Last week, Great River Energy (GRE), a large umbrella company for many of Minnesota's electric co-ops, announced they would be prematurely closing the Coal Creek power plant at the end of 2022 and replacing it with a mixture of wind power purchase contracts from 1,100 megawatts (MW) of newly-constructed wind projects, and buying electricity from other companies when the wind isn't blowing. GRE has said its will be a boon for its customers. However, this plan relies heavily on $105 million in annual federal tax subsidies, which simply shift the costs from Great River Energy's customers, to tax payers. In the...

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Why the Renewable Industrial Complex’s Attacks On Michael Moore’s Planet Of the Humans Are Wrong

Last week, filmmaker Michael Moore released his latest film entitled Planet of the Humans. The film brings several inconvenient truths about renewable energy to light, namely that wind turbines and solar panels don't last very long, their intermittent nature means we still need fossil fuels, and that they require lots of land, mining, and habitat destruction to build and operate. As a result, the film has provoked a massive backlash from the Renewable Industrial Complex, but their attacks on the film are wrong. The article below debunks the claims made by wind and solar special interest groups about the film. U Mad, Bro? The backlash...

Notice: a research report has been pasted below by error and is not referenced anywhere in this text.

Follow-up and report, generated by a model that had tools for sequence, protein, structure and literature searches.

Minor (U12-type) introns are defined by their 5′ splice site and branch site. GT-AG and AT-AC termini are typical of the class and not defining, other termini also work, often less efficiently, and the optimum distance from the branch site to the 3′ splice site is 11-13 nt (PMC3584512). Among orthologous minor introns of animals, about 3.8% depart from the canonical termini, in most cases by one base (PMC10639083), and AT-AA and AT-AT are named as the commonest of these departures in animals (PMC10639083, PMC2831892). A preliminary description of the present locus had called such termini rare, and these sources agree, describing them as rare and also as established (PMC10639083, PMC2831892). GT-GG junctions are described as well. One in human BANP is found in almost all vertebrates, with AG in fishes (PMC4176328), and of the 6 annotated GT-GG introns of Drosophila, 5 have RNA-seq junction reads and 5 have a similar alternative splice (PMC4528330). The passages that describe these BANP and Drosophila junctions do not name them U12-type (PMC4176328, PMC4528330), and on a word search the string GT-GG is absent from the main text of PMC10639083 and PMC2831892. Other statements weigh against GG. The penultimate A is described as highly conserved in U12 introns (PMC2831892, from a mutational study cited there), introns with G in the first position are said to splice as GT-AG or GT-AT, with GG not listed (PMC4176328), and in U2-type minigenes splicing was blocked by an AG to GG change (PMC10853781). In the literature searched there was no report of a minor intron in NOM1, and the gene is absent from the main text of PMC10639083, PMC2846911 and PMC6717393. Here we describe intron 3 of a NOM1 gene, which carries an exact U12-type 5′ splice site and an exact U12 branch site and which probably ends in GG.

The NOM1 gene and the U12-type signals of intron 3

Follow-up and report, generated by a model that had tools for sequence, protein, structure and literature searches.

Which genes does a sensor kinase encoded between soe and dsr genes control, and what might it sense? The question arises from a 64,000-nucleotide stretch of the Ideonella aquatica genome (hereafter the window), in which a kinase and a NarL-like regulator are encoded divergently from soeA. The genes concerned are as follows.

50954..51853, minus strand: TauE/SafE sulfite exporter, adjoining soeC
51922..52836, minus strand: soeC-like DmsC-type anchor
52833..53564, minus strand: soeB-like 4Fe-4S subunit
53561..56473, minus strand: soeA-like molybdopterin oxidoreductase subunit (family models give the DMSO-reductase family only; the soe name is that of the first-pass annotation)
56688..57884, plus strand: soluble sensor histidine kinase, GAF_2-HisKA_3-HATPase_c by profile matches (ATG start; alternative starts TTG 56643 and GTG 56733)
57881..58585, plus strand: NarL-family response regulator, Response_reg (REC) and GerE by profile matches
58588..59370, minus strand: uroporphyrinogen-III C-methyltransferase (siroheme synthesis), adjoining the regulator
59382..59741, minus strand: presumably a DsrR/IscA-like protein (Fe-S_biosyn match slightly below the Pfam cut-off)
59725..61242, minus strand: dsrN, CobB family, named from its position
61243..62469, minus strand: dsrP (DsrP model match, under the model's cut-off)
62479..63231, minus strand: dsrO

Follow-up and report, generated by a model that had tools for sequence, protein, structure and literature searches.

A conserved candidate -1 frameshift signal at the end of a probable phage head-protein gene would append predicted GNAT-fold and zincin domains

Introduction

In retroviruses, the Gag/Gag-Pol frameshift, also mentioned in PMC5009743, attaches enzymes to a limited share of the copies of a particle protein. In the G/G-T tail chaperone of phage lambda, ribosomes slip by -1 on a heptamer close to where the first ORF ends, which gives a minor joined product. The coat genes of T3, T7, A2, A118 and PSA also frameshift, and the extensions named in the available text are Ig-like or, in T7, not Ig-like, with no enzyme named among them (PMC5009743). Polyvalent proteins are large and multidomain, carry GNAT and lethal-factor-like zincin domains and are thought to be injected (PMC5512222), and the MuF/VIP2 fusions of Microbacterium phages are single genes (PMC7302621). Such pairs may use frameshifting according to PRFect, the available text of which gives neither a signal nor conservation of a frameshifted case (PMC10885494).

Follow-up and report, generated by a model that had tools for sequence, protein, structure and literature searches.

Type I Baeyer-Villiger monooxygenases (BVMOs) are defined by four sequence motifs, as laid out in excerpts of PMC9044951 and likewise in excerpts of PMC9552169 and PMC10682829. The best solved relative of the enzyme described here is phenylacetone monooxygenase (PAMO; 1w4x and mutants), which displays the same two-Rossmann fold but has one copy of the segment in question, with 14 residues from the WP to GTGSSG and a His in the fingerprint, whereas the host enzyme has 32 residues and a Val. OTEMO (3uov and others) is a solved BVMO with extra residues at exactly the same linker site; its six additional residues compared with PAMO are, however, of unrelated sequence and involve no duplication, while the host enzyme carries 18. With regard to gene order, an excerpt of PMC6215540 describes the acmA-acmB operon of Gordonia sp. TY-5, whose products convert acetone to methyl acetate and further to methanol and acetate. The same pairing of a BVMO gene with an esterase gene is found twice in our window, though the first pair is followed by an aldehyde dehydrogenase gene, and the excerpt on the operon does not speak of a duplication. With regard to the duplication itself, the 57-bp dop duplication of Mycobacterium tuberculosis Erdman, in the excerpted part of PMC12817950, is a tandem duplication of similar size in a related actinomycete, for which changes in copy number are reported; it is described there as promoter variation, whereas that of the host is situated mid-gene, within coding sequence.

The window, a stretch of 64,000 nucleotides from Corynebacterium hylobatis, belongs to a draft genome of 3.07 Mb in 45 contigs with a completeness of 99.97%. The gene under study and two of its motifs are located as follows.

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Guest Post: Minnesota Doesn’t Own North Dakota

This post was originally submitted to the Say Anything Blog in response to this post by Peder Mewis, of the Clean Grid Alliance.  It’s interesting that in his recent guest post, Peder Mewis spoke of the contribution that wind energy makes to “our state.” The reason this word choice is interesting is because he doesn’t live in North Dakota. I’m not sure if he believes Minnesota owns North Dakota, making it “our state,” but North Dakotans would be wise to ignore the voices that have cheered on an industry that has caused Minnesota’s electricity prices to skyrocket. In the spirit of full disclosure,...

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Our Perspective: New Suburban Solar Projects Part of a Wave of New Projects in Minnesota

On Tuesday, April 7, 2020, the Star Tribune ran a story entitled "New Suburban Solar Projects Part of a Wave of New Projects in Minnesota." The article discusses businesses that claim the solar panels installed at their facilities will offset significant amounts of their electricity use, and will have a three to five year payback periods. Energy issues are complex, and the solar industry has a strong financial interest in only presenting the "sunny" side of their industry without discussing the negative consequences that stem from adding solar to the grid. Unfortunately, the article could have have been more balanced by explaining...